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Vuelta 2003 to start in Rubiera's Asturias (UPDATED)
By Fabio
Date: 12/17/2002
Vuelta 2003 to start in Rubiera's Asturias (UPDATED)

Courtesy of La Vuelta - Click for larger image

The route of the 58h edition of cycling Tour of Spain ("Vuelta Ciclista a España") was officially unveiled this Tuesday morning at 1130AM local time, in Madrid's Salón de Actos de IFEMA inside the Ferial Park Juan Carlos I.

As a way to celebrate the 25th edition organized by the UNIPUBLIC society (which also could happen to be the last one with Enrique Franco as race boss), several past winners of competitions, from 1979 Champion Jop Zoetemelk to Bernard Hinault, from legendary Pedro "Perico" Delgado to 3-time winner Toni Rominger, from Irish sensation Sean Kelly to most recent champions Olano, Heras, Casero and "TerminAitor" González were attending the ceremony, each of them "unveiling" a different leg. Among the absentees, particularly worthy of a mention were Colombian "Lucho" Herrera (who managed to take part in the presentation thanks to an internet connection anyway) and Laurent Jalabert, both due to familiar reasons. And Jan Ullrich of course.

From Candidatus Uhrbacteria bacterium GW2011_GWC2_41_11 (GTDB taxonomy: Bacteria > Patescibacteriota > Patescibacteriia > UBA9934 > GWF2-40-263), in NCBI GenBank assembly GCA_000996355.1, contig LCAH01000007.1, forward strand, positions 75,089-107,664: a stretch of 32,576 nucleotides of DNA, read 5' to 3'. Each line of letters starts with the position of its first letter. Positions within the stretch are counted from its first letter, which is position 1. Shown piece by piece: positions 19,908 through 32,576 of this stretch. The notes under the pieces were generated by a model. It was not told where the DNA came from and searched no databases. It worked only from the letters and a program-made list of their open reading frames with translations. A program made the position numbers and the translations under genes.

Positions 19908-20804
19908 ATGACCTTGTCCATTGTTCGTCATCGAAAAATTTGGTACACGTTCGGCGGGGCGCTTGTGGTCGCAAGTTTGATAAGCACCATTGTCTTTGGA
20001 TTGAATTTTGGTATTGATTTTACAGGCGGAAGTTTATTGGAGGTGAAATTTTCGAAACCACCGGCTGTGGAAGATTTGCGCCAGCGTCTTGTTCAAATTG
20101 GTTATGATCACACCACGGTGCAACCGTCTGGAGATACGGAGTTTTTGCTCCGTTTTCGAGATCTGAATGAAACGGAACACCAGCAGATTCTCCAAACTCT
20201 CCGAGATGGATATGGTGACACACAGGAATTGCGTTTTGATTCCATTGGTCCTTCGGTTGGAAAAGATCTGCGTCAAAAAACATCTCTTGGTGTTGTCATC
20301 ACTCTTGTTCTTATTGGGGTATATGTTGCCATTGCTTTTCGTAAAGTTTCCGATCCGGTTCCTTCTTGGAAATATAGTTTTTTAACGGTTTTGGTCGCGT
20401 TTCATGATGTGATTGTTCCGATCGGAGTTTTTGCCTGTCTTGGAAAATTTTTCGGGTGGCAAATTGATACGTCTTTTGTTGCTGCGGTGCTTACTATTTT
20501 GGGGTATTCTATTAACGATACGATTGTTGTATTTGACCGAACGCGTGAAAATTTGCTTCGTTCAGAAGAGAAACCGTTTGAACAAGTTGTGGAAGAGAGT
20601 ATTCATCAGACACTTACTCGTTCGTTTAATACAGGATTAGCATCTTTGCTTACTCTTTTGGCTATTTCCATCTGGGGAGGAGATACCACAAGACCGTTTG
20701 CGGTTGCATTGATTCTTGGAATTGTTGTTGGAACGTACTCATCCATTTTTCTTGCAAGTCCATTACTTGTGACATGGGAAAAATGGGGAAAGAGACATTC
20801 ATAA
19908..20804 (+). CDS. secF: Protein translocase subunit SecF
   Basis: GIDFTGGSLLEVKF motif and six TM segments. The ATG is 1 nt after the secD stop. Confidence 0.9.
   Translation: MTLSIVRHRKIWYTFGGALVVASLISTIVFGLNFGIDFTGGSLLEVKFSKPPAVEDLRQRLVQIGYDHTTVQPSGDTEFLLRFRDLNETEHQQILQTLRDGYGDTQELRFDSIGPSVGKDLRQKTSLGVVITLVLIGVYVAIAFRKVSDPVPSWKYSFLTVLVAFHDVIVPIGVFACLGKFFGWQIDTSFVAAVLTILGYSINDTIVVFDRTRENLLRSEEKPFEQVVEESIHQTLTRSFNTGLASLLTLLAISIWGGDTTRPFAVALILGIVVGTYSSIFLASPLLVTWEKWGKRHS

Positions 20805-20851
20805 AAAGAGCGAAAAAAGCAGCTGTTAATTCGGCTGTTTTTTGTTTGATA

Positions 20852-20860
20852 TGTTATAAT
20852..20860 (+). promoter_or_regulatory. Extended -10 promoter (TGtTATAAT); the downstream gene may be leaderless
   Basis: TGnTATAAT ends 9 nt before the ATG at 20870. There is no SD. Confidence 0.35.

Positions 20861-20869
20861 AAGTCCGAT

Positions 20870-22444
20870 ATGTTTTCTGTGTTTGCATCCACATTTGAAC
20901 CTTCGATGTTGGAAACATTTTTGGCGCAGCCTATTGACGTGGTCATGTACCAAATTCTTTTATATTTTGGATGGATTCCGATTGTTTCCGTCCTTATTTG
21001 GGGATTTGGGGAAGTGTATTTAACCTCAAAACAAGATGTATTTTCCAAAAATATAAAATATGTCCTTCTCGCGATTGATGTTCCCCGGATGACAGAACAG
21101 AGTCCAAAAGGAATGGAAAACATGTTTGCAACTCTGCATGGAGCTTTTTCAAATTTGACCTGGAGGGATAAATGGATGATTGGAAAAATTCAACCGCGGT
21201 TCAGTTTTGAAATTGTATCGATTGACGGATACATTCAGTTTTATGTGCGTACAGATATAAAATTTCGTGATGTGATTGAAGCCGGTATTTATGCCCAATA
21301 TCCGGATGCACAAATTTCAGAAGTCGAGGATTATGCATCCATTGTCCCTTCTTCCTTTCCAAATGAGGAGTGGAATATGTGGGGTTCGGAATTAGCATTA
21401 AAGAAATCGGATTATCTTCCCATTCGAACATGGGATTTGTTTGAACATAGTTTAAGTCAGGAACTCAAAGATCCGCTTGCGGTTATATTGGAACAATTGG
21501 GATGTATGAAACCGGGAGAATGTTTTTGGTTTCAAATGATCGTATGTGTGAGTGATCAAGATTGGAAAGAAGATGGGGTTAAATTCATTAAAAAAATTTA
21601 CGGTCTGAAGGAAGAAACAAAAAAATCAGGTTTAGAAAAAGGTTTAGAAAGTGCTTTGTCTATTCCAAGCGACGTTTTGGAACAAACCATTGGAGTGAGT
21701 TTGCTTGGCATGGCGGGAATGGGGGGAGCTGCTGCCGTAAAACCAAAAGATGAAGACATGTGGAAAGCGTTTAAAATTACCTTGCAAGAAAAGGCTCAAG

Details of the stages of the next race, set to start in the Asturian town of Gijón in the north of the country, and run from September 6-28, 2003, with the final lap as usual going into Madrid, are like this:

Stage 1 - September 06: Gijón-Gijón - 30 km. Team Time Trial.

Stage 2 - September 07: Gijón-Cangas de Onís, 140 km.

Stage 3 - September 08: Cangas de Onís-Santander, 160 km.

Stage 4 - September 09: Santander-Burgos, 158 km.

Stage 5 - September 10: Soria-Zaragoza, 165 km.

Stage 6 - September 11: Zaragoza-Zaragoza, 40 km. (ITT).

Stage 7 - September 12: Huesca-Cauterets (France), 190 km. - Uphill finish

Stage 8 - September 13: Cauterets-Pla de Beret, 166 km. Uphill finish.

Stage 9 - September 14: Vielha Val d'Aran-Andorra Envalira (Andorra Principality), 176 km. Uphill finish.

Stage 10 - September 15: Andorra-Sabadell, 179 km.

- September 16: Rest and Transfer Day.

Stage 11 - September 17: Utiel-Cuenca, 160.

Stage 12 - September 18: Cuenca-Albacete, 167 km.

Stage 13 - September 19: Albacete-Albacete, 53 km. (ITT).

Stage 14 - September 20: Albacete-Valdepeñas, 160km.

Stage 15 - September 21: Valdepeñas-La Pandera, 181 km. Uphill finish.